We agree with the Village that the record is inadequate to make a determination, based upon a "balancing of public interests, " whether the County is immune from the requirements of those amendments with respect to its siting of the proposed Facility (Matter of County of Monroe [City of Rochester], 72 N.Y.2d 338, 341 [internal quotation marks omitted]). The factors to be weighed in making that determination are "the nature and scope of the instrumentality seeking immunity, the kind of function or land use involved, the extent of the public interest to be served thereby, the effect local land use regulation would have upon the enterprise concerned and the impact upon legitimate local interests[, ]... the applicant's legislative grant of authority, alternative locations for the facility in less restrictive zoning areas, ... alternative methods of providing the needed improvement[, ]... intergovernmental participation in the project development process and an opportunity to be heard" (id. at 343 [internal quotation marks omitted]). Here, inasmuch as the record is inadequate to permit the appropriate balancing of those factors, we remit the matter to Supreme Court for a determination, based upon a more complete record, whether the County is immune from the requirements of the Village zoning ordinance (see generally Town of Riverhead v County of Suffolk, 66 A.D.3d 1004, 1005).

We also agree with the Village that the court erred in granting that part of the amended petition-complaint seeking judgment declaring that the amendments to the zoning ordinance, insofar as they result in the exclusion of the Facility from the location approved by the Commission, are null and void on the ground that they are preempted by state law. In the event that the court determines, upon remittal, that the County is immune from the requirements of the amendments at issue, that request for declaratory relief will be rendered moot (see generally New York Pub. Interest Research Group v Carey, 42 N.Y.2d 527, 531; Times Sq. Stores Corp. v Bernice Realty Co., 107 A.D.2d 677, 682). The court, however, granted a declaration that those amendments are null and void as applied to the proposed Facility, which would produce the same result as a determination of immunity in the County's favor. We therefore note our disagreement with the court's determination that the amendments to the zoning ordinance are preempted by state law. We conclude that the New York State Legislature has not "enacted a comprehensive and detailed regulatory scheme" with respect to the siting of County correctional facilities (Consolidated Edison Co. of N.Y. v Town of Red Hook, 60 N.Y.2d 99, 105), nor has the State otherwise "demonstrated its intent to preempt [the] entire field and preclude any further local regulation" in that area (Incorporated Vil. of Nyack v Daytop Vil., 78 N.Y.2d 500, 505). To the contrary, state legislation regarding the siting of county correctional facilities is limited to requiring Commission approval of a county's site selection (see County Law § 216; Correction Law § 45 [10]). The New York State Legislature has not directly or impliedly expressed any intent "to trump local efforts to regulate the location of [correctional] facilities through the application of [the] zoning laws" (Incorporated Vil. of Nyack, 78 N.Y.2d at 507). We therefore modify the judgment by vacating the declaration.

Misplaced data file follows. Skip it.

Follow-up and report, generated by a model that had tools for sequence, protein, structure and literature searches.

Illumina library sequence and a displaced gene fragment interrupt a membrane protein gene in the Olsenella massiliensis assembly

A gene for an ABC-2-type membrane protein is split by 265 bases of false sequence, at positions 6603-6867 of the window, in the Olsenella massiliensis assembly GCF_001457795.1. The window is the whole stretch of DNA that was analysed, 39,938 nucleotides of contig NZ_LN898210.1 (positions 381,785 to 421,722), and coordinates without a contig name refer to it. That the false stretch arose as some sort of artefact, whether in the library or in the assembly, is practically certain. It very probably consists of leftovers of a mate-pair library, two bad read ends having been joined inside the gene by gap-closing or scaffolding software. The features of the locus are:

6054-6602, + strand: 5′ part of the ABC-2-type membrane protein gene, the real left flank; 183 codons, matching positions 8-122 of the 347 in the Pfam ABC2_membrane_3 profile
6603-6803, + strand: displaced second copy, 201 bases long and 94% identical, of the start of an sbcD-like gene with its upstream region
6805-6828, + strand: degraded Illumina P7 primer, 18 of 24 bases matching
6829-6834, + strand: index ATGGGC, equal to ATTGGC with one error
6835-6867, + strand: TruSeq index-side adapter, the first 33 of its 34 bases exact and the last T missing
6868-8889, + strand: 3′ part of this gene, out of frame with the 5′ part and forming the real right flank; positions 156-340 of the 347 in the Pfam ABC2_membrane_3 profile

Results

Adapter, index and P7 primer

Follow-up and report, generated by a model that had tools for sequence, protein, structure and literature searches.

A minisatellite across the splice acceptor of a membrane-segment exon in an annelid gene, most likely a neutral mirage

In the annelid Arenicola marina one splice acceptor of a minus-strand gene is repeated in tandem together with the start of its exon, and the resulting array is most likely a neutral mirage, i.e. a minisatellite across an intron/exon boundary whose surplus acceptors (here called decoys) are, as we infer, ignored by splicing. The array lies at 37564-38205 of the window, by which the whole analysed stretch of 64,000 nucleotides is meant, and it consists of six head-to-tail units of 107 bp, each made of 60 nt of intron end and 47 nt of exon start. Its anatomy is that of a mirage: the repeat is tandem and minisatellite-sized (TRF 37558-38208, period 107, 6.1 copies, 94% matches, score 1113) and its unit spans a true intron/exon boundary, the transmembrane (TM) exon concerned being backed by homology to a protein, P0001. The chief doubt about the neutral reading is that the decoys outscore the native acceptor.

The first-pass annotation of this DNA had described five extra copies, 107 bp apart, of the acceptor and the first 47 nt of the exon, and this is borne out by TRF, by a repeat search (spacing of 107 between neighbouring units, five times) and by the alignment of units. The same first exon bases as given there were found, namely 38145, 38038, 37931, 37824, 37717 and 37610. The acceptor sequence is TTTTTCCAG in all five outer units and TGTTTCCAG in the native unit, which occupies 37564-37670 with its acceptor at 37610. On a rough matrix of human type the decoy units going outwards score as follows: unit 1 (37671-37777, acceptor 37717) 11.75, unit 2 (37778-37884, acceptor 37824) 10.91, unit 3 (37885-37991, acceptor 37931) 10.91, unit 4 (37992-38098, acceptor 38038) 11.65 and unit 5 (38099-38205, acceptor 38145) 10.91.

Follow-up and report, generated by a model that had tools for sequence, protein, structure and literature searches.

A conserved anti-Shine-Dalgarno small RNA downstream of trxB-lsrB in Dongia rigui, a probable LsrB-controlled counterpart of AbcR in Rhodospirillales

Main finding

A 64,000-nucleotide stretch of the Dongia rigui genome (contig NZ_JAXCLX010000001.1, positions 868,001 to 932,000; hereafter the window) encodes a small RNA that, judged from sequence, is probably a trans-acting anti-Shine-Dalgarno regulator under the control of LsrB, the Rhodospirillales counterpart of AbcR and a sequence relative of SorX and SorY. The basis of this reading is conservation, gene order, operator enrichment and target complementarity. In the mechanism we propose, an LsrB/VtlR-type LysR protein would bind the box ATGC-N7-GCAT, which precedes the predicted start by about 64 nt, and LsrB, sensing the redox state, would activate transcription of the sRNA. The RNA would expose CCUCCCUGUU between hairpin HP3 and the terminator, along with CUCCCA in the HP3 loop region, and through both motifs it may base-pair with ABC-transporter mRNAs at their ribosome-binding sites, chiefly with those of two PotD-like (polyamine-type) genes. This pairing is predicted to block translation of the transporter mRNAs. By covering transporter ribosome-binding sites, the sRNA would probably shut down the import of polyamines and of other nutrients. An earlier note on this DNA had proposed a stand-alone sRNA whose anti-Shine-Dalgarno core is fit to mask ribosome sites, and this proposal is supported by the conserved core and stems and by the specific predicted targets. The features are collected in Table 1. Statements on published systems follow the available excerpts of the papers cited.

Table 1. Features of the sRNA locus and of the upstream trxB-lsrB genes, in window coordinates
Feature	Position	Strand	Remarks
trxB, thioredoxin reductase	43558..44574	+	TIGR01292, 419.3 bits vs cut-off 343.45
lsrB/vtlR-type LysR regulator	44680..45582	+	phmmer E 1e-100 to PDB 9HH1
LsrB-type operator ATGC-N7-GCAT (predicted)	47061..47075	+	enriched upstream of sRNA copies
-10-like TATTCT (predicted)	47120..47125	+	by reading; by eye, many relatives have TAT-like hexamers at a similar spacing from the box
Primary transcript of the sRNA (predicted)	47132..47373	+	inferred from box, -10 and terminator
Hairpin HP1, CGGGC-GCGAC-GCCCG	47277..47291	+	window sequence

We reject the contention of the County, raised for the first time on appeal, that the amendments at issue are invalid on the alternative ground that they "violate[] the principle that zoning is concerned with the use of land, not with the identity of the user" (Sunrise Check Cashing & Payroll Servs., Inc. v Town of Hempstead, 20 N.Y.3d 481, 483, rearg denied 21 N.Y.3d 978). The amendments here are directed at land use, not at the entity that owns or occupies the land (cf. id. at 485). Contrary to the County's further contention, the action of the Village Board in amending the Village zoning ordinance does not constitute exclusionary zoning (see generally Asian Ams. for Equality v Koch, 72 N.Y.2d 121, 133).

We have considered the parties' remaining contentions and conclude that none requires further modification of the judgment.